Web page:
CTS 4230 Specifications:

Type:    Electric Street Car

Description:    Single End, Double Truck, Arch Roof, Electric PCC

Builder:    Pullman Standard Car Company, Chicago, Illinois

Year Built:    1946

   

Acquired by NORM:    1983

Dimensions:    Length: 46ft. 6in., Width: 8ft. 4in., Height: 10ft. 3in.

Weight:    39,800 lbs.

Seats:    53

Controls:    WH XD423P

Trucks:    Clark B-2

Motors:    4 WH1432J, 55 HP

Brakes:    WH

Compressor:    n/a

Lines Served On:    Cleveland Transit System - 4230 / Toronto Transportaion Commission - 4655 / Greater Cleveland Regional Transit Authority - 4655



CTS 4201, a car from the same set as 4230, is seen here in service in Cleveland. (Museum Collection)



Here is CTS 4231, another of the set, in TCC paint as number 4656 in service in Toronto. (Museum Collection)



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Shaker Heights Rapid Transit # 78 & 92

78 & 92 were built in 1948 by the Pullman Standard Co. for the Shaker Heights Rapid Transit. These are examples of all electric PCC streetcars, with a few differences from the CTS versions. The cars were wider than normal streetcars, and they have wider wheel treads for high speed service on off-street tracks.

The Pullman PCCs were delivered with full skirting which featured hinged rectangular doors for maintenance access. After years of use the hinges had rusted and were very difficult to open. As a result, the doors were removed on many of the cars over the years. After the line was taken over by the RTA, shop crews cut the skirts to match the classic flowing arch style seen on many PCC cars. This was done in order to fit the trucks onto the wheel truing machine at the line's Brookpark shop facility. These modifications are apparent in the photos below.

SHRT 78 & 92 Specifications:

Type:    Electric Rapid Transit Car

Description:    Single End, Double Truck, Arch Roof, Electric PCC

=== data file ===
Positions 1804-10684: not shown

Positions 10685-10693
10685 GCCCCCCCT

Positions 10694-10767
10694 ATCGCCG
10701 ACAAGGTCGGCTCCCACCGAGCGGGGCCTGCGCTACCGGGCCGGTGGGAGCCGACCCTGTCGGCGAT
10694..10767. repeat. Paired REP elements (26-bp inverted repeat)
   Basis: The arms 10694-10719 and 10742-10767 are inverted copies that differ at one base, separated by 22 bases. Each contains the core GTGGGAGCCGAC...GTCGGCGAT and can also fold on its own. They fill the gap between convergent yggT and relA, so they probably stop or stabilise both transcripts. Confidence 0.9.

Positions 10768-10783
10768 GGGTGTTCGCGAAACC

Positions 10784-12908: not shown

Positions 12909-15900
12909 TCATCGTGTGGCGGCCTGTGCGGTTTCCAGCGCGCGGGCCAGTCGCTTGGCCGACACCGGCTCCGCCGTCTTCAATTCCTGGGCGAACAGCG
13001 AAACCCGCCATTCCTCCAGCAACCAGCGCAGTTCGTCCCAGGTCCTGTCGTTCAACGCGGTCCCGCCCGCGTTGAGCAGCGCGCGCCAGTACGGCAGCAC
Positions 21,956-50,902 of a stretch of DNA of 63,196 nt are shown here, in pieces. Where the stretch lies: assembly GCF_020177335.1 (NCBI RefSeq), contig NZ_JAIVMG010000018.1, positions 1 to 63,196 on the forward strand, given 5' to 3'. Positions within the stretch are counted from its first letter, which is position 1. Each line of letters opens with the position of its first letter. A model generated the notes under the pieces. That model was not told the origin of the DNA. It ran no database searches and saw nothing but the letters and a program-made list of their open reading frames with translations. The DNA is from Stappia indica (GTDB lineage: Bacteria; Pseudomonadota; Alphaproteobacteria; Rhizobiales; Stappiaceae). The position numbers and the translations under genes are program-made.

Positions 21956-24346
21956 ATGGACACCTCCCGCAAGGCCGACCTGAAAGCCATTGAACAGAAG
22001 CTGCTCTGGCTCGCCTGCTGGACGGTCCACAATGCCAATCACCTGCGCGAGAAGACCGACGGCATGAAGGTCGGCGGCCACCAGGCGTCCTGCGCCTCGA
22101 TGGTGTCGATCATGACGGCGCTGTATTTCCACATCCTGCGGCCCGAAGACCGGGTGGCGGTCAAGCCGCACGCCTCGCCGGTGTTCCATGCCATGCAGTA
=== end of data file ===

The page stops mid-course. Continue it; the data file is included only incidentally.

Builder:    Pullman Standard Car Company, Chicago, Illinois

Year Built:    1948

   

Acquired by NORM:    1987

Dimensions:    Length: 50ft., Width: 9ft., Height: 10ft. 2in.

Weight:    43,100 lbs.

Seats:    58

Controls:    GE

Trucks:    Clark B-2

Motors:    4 GE1220

Brakes:    GE

Compressor:    n/a

Lines Served On:    Shaker Hieghts Rapid Transit / Greater Cleveland Regional Transit Authority



Shaker Heights Rapid Transit # 78

This photo, taken in September of 1952, shows SHRT 78 waiting with several other cars for the line to be cleared after a derailment. The location is just west of the belt line bridge on the Shaker line. (J. Spangler)



Passengers board SHRT 78 at the CTS Windermere yard for a fan trip in this 1969 photo. (J. Spangler)



RTA 78 approaches the West Green station on the newly renovated Shaker line in the fall of 1980. The car is on one of its final runs, soon to be replaced by LRVs. Note the new cantenary-style overhead, the LRVs are equipped with pantographs. (B. A. Gage)



Fall of 2011 finds 78 spotted on track 5 next to the Bennett Carhouse at NORM. PCCs CTS 4230 (in TTC paint) and PRC 1644 are just behind with CTS Bluebird Rapid Transit 112 bringing up the rear. The bodies of Lake Shore Electric Freight Motor 42 and Steel Coach 181 can be seen to the right of the photo. (B. C. Gage)



Shaker Heights Rapid Transit # 92

SHRT 92 is seen here in service on the Shaker's Green Road line. (Museum Collection)



92 approaches the Lynnfield Road station on the Shaker's Van Aken Boulevard line at the head end of this multiple unit train. (J. Spangler)



SHRT 92 and 57 on a NORM fan trip at the Shaker's Kingsbury yard in the fall of 1974. Car 57 was built by the St. Louis Car Company for the Twin City Rapid Transit Company. It was Acquired by the Shaker when the line ended streetcar operations.(J. Spangler)



This photo shows car 92 eastbound at Shaker Square. Although it bears the RTA logo on the side, the car retains its SHRT colors. (C. Crouse)



Here is 92 at the Museum in August of 2008. (B. C. Gage)



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Last Updated 01/20/2014